Imagine being at your most productive and creative, but also at your happiest. This is achieved in a state called FLOW. In Positive Psychology, flow is a state when you are fully immersed in an activity, feeling energized, and completely absorbed in the moment.
Everyone can achieve flow, but we wanted to find out how experts and high achievers get into flow. This year we asked a panel of 11 experts and high achievers what flow means to them and how their mindset and equipment play a part in bringing flow into their lives. We’ve been studying flow states to help design more meaningful experiences for people. As designers, the deeper we understand people, the better we can create experiences that empower and inspire them.
Join us on 11th March 2021 where we present the findings of our FLOW X DESIGN study. In the meantime, enjoy our interview with the inspiring Eimear Noone.
Eimear Noone is an award-winning conductor & composer, with a resume featuring iconic video games such as World of Warcraft, Diablo, and many other big names, as well as the first woman to lead the orchestra at the Oscars.
Image © Steve Hum
Eimear says her biggest accomplishment was how she felt during the Academy Awards performance, making history as the first woman to conduct at the Oscars.
“I felt completely present, and completely at one with the experience. I didn’t feel at all nervous, I felt completely whole. The way I felt, with that level of pressure on my shoulders, was my biggest internal achievement.”
Eimear describes this flow-state experience with extreme fondness and reminisces on the first time she experienced flow at the age of 15. Eimear was randomly chosen by the conductor of the Army Band of the Western Command to go on the stage to “wave her arms around”. Little did they know they had accidentally selected someone who had been practicing in the attic of her parents’ house for years.
“It felt like my awkward body, my neuroses, my crazy brain, everything all stopped and quieted down. And I had this singular experience where everything was working together. Time has slowed down, and I felt kind of invincible.” She continues: “I accidentally experienced flow, and it’s something that I always want to get back to. So, I’m always investigating it.”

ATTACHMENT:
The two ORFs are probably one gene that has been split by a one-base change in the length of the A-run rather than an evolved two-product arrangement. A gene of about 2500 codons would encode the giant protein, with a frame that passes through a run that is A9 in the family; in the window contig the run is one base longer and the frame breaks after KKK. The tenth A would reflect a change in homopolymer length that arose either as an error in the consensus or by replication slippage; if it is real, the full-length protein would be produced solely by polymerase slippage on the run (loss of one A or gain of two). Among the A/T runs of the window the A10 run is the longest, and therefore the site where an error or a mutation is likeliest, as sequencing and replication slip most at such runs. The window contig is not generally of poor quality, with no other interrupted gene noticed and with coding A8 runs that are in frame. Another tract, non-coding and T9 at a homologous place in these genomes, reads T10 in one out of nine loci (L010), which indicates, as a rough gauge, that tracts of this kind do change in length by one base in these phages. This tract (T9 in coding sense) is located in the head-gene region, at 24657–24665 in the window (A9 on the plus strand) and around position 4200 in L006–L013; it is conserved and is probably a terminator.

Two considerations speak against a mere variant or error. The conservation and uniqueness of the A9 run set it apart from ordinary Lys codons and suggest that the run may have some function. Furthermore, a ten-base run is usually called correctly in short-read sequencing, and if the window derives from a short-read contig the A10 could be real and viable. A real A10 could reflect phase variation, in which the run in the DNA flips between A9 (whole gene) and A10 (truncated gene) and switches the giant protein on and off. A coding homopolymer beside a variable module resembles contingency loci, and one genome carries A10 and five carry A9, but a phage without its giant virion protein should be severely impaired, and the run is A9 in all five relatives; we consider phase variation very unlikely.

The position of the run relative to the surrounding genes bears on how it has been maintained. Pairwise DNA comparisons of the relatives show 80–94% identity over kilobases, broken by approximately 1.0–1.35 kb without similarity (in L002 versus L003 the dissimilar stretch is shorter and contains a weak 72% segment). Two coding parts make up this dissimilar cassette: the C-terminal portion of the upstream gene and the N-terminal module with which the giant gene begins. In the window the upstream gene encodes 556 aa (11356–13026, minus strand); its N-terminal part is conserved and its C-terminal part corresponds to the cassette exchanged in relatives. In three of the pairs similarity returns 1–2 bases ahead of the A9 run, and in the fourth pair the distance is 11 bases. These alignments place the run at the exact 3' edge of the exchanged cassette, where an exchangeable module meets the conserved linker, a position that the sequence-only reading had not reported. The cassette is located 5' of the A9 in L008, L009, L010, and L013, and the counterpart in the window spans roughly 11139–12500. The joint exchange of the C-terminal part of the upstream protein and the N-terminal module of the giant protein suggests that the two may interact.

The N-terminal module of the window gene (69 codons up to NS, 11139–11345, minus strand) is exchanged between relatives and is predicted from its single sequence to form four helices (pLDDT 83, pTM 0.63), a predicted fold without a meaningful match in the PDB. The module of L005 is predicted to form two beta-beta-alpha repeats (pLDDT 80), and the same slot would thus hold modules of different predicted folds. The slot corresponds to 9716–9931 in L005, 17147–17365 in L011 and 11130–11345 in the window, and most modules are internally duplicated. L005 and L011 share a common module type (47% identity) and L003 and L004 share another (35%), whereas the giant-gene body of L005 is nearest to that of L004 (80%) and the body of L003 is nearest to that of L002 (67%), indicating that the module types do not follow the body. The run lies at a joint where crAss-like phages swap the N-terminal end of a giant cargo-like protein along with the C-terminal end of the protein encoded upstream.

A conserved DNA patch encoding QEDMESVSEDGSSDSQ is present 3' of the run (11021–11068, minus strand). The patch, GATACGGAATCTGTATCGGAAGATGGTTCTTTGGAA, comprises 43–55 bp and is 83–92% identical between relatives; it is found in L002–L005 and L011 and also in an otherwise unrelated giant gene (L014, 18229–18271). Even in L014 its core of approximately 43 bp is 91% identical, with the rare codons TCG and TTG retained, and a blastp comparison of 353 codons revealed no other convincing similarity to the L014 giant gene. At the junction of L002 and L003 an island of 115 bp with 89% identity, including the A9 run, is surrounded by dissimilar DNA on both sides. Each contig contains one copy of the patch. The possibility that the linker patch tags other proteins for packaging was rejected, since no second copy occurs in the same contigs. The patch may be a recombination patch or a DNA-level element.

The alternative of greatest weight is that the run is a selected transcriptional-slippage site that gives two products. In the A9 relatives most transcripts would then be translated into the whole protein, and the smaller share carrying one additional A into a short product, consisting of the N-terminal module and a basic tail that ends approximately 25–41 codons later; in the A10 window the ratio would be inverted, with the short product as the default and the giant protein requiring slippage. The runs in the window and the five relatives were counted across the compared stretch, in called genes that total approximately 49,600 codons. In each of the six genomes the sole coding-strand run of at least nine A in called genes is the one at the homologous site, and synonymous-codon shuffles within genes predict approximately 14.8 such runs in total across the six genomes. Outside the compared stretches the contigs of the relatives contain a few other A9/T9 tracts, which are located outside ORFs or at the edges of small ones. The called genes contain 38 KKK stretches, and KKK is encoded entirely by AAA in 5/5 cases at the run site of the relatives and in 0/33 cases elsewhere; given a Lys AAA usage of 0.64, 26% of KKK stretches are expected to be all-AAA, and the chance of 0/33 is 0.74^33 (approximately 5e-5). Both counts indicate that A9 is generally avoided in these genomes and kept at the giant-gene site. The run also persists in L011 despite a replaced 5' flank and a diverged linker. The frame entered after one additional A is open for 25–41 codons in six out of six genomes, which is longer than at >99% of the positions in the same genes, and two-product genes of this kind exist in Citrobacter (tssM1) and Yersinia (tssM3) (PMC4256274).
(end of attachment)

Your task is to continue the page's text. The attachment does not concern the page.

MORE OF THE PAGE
Onstage, in front of orchestras from all over the world, Eimear performs with batons that she has modified to suit her needs. Her relationship with the baton, how it feels and moves can directly influence her performance.
“I did work with the baton makers to create my own batons that are weighted exactly as I like them. Often, baton makers will balance it where half of the baton meets the shaft of the stick, but for me, I like it a little bit off-balance. Strangely enough, where it feels like the tip of the baton wants to dip downwards. And I find that it helps literally with the flow.”
Eimear continues to push the boundaries in her work, and constantly seeks new challenges, but she admits to continuously working on her mindset to enable her to achieve those moments of flow in her work.
“I always say I’m the last person that should be a performer, but I’ve learned how to use that kind of adrenaline and natural nervousness, to make sure that I can get to that point where you’re responding rather than reacting.”
To help deal with high-pressure environments, Eimear had to rethink her attitude towards stress. She explored meditative and breathing techniques, Quigong martial art, body meridians as well as listening to music before the performance to quieten her thoughts. They help to settle her heart rate and ready Eimear’s mind for entering flow states.
“If I’m going to stay in this career and if I’m going to get into the flow, and get to that place that I’ve experienced by accident, if I’m going to find my way back there on purpose, I need some rituals.”
It was amazing because they helped get to a point of flow, to a point of being completely present
Being in the flow can be challenging, and people who master relaxation techniques tend to more easily access the state. In an orchestra, flow is not a solo act – it’s a group experience.
“What is completely fascinating about it, there’s so much nonverbal communication going on. And it goes way beyond the conversation between the gesture of the conductor and the sound of the musicians. There’s a sort of symbiosis happening between our brains and our energy. We’re all in the flow, we don’t need to tell each other.”
When Eimear is in that moment, she likens it to an infallible state; “you can do no wrong, there are no mistakes, it’s almost like we’re being carried along by something else.” She continues, “There’s just a vibration that’s buzzing around between us. There’s this kind of feedback loop happening, the audience is sending the energy back to us. It’s contagious.”
You can do no wrong, there are no mistakes, it's almost like we're being carried along by something else
Eimear has faced many challenges and barriers along the way that could have stopped her from becoming a conductor, but she has always felt that it was her calling. She jokes about the small village in East Galway, Ireland with a population of under 500 people, where she grew up. “There weren’t enough people in my village to tell me that what I wanted to do was impossible.”
Alongside her incredible resume, Eímear Noone has recently been nominated for a Hollywood Music in Media Award for the song Stand for Hope from the film Two By Two: Overboard! You can follow Eimear’s exceptional journey on Twitter.
Join Design Partners’ FLOW X DESIGN Master Class on 11th March. An opportunity to hear the insights from our 11 amazing experts and high achievers. We’ll reveal what flow really means to them, and the role that mindset and equipment plays. Plus, we’ll be exploring the implications of design in helping to achieve the highest levels of flow and happiness.